“I am the law’. When I was a kid, a comic called 2000AD was a thing. It had visceral, well-drawn comic strips like one inspired by Rollerball about some kind of ultra-violent sport (Harlem Heroes!). Another was an adaptation of the old Dan Dare strip, complete with arch enemy the Mekon, a character who later captured the British public imagination rebooted as unelected politico Dominic Cummings. But the most popular stories were those involving Judge Dredd, a tough lawman whose antics are best described as a ‘futuristic Dirty Harry.’ Without removing his helmet, Dredd kicked ass and took names, squashing any sense of rebellion in the futuristic hellscape of Mega City 4.
Danny Cannon’s 1995 film horrified purists by being more of a Sylvester Stallone vehicle that a Judge Dredd film, but living in the future circa 2021, the much derided result doesn’t seem too bad at all. Cannon was much mocked at the time as a British Tarantino, but Dredd sees him aspiring to be Paul Verhoeven, with a helmeted hero a la Robocop, some funny touches (beer-serving drones), locker-room scenes and quasi-fascist imagery meshed with subversive humour. In this version, Dredd is framed and sent to a space-slammer, where he hooks up with sidekick Rob Schneider and sets out to prove his innocence. A lot of time is expended exploring the political world of the future, with various smartly-dressed factions including Max von Sydow as a fair-minded patriarch, Jurgen Prochnow as his corrupt replacement, and Diane Lane as a space-lawyer assigned to defend Dredd. Of curse, Dredd can take care of himself, and brushes off the setbacks to reign supreme over his enemies, one grenade-launcher at a time.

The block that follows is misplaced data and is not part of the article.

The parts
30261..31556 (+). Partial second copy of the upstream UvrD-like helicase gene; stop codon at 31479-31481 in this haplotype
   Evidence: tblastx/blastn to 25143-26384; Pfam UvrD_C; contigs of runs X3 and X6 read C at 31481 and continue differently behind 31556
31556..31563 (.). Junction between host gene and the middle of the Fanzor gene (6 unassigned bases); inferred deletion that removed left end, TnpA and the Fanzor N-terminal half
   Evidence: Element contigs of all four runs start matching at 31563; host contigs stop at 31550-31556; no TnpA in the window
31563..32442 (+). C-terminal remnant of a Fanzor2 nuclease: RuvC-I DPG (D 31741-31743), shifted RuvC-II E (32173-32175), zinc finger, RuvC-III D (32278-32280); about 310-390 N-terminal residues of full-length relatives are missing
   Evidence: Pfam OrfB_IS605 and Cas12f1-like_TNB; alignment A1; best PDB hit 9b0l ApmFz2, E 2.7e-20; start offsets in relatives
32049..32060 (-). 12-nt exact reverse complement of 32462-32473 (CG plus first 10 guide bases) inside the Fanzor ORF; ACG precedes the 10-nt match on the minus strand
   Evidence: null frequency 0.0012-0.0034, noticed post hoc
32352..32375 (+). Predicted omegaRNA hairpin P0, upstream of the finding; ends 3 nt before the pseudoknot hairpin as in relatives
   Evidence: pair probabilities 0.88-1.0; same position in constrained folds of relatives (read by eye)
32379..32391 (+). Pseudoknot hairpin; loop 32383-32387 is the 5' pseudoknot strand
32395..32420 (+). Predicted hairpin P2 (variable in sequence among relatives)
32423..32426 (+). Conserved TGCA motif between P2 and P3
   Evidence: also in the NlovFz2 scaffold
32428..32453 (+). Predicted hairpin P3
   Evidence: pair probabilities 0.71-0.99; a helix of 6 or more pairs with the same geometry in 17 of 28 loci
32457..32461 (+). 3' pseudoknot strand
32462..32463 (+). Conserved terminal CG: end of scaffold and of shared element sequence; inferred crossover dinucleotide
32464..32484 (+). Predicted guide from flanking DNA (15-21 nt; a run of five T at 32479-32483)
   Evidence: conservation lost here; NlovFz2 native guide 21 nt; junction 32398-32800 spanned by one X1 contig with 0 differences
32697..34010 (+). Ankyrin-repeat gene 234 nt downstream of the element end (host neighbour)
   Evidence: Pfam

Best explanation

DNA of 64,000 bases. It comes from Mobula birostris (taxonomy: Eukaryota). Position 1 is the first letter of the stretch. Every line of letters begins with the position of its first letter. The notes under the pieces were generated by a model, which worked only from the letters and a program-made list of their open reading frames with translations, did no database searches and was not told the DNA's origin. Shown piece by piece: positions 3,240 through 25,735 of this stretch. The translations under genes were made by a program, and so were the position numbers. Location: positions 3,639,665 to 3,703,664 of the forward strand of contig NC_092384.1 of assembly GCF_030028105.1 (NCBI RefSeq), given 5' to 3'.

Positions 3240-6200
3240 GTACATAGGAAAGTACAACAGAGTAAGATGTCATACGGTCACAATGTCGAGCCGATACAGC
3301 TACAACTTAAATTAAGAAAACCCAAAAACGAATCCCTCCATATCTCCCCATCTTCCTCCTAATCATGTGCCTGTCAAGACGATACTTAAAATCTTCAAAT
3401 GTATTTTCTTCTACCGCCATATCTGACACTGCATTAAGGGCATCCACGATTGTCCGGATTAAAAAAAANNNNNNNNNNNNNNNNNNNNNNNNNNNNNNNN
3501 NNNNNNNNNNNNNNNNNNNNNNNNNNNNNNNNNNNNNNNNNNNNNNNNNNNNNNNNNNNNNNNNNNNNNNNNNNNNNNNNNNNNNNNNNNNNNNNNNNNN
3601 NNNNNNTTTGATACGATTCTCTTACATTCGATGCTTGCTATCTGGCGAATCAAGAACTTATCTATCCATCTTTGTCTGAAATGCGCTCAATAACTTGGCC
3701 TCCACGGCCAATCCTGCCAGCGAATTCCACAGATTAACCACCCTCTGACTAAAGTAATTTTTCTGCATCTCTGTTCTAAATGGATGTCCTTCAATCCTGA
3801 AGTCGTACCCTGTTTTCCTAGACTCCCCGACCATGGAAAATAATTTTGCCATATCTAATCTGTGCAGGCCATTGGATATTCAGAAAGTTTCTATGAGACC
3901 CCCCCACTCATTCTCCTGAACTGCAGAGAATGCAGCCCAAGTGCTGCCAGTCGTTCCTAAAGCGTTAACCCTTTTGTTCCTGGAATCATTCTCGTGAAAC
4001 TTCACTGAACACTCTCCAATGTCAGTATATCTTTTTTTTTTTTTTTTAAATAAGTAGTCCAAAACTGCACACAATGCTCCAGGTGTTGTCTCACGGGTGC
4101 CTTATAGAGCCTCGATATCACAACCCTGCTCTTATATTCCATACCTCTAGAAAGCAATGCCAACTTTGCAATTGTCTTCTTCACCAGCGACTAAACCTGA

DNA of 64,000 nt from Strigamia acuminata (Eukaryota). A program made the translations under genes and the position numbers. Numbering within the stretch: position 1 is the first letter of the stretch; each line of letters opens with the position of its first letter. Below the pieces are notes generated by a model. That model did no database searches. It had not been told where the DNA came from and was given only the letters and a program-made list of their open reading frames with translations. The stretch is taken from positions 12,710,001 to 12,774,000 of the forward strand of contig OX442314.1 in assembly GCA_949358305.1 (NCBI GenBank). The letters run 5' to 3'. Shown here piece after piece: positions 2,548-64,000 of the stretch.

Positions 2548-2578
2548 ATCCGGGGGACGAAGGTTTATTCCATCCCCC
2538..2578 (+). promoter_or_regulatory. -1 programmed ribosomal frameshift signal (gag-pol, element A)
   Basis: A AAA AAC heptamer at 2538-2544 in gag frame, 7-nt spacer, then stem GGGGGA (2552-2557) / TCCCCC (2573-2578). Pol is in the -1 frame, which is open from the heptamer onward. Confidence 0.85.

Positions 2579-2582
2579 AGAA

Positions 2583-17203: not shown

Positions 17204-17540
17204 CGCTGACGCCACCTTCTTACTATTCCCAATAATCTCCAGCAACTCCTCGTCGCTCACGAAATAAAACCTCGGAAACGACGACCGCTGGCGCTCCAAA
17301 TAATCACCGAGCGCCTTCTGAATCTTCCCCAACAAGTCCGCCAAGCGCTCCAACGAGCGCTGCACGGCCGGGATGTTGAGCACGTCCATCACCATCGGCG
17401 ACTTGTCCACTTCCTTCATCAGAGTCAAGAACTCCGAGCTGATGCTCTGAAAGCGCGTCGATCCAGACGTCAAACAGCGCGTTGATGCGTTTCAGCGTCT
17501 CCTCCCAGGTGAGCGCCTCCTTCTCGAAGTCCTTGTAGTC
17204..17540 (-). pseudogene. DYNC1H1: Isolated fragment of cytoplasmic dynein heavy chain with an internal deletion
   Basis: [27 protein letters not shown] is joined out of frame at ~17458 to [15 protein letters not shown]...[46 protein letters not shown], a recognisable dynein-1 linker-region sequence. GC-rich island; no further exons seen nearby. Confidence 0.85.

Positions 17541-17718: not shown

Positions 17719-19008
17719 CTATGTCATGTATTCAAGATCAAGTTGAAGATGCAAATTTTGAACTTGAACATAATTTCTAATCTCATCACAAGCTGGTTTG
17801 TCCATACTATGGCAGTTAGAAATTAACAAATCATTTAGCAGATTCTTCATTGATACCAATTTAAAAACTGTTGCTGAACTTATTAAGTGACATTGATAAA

Without over-selling the unpopular result, Judge Dredd has a terrific sheen to it; Mega City 4 looks fantastic with lots of flying cars, although the pirate wasteland that Dredd is cast into is something of a drag. The cast are wildly overqualified, with Ewen Bremner, Ian Dury and Maurice Roëves all contributing nice bits, the latter the victim of a vicious prison-break scene featuring Armand Assante as chief villain Rico. Acting like Dennis Hopper playing Dennis Hopper, Assante is supposedly Dredd’s brother, but instead causes no end of bother as he tries to awaken a race of genetic mutants in an underwhelmingly generic climax.
The flying motorcycles look as stiff and unwieldy as the Judge’s costume, designed by Versace, but the action sequences are violent, exciting, and more than fit the bill. Stallone’s something of a bore here in a role that should have been ideal, but the hard-edges of the character have been softened too much to land. With a great aerial chase scene, lots of cool guns and gadgets, and a 30’s serial mood, this Judge Dredd is above the law when it comes to mindless fun.
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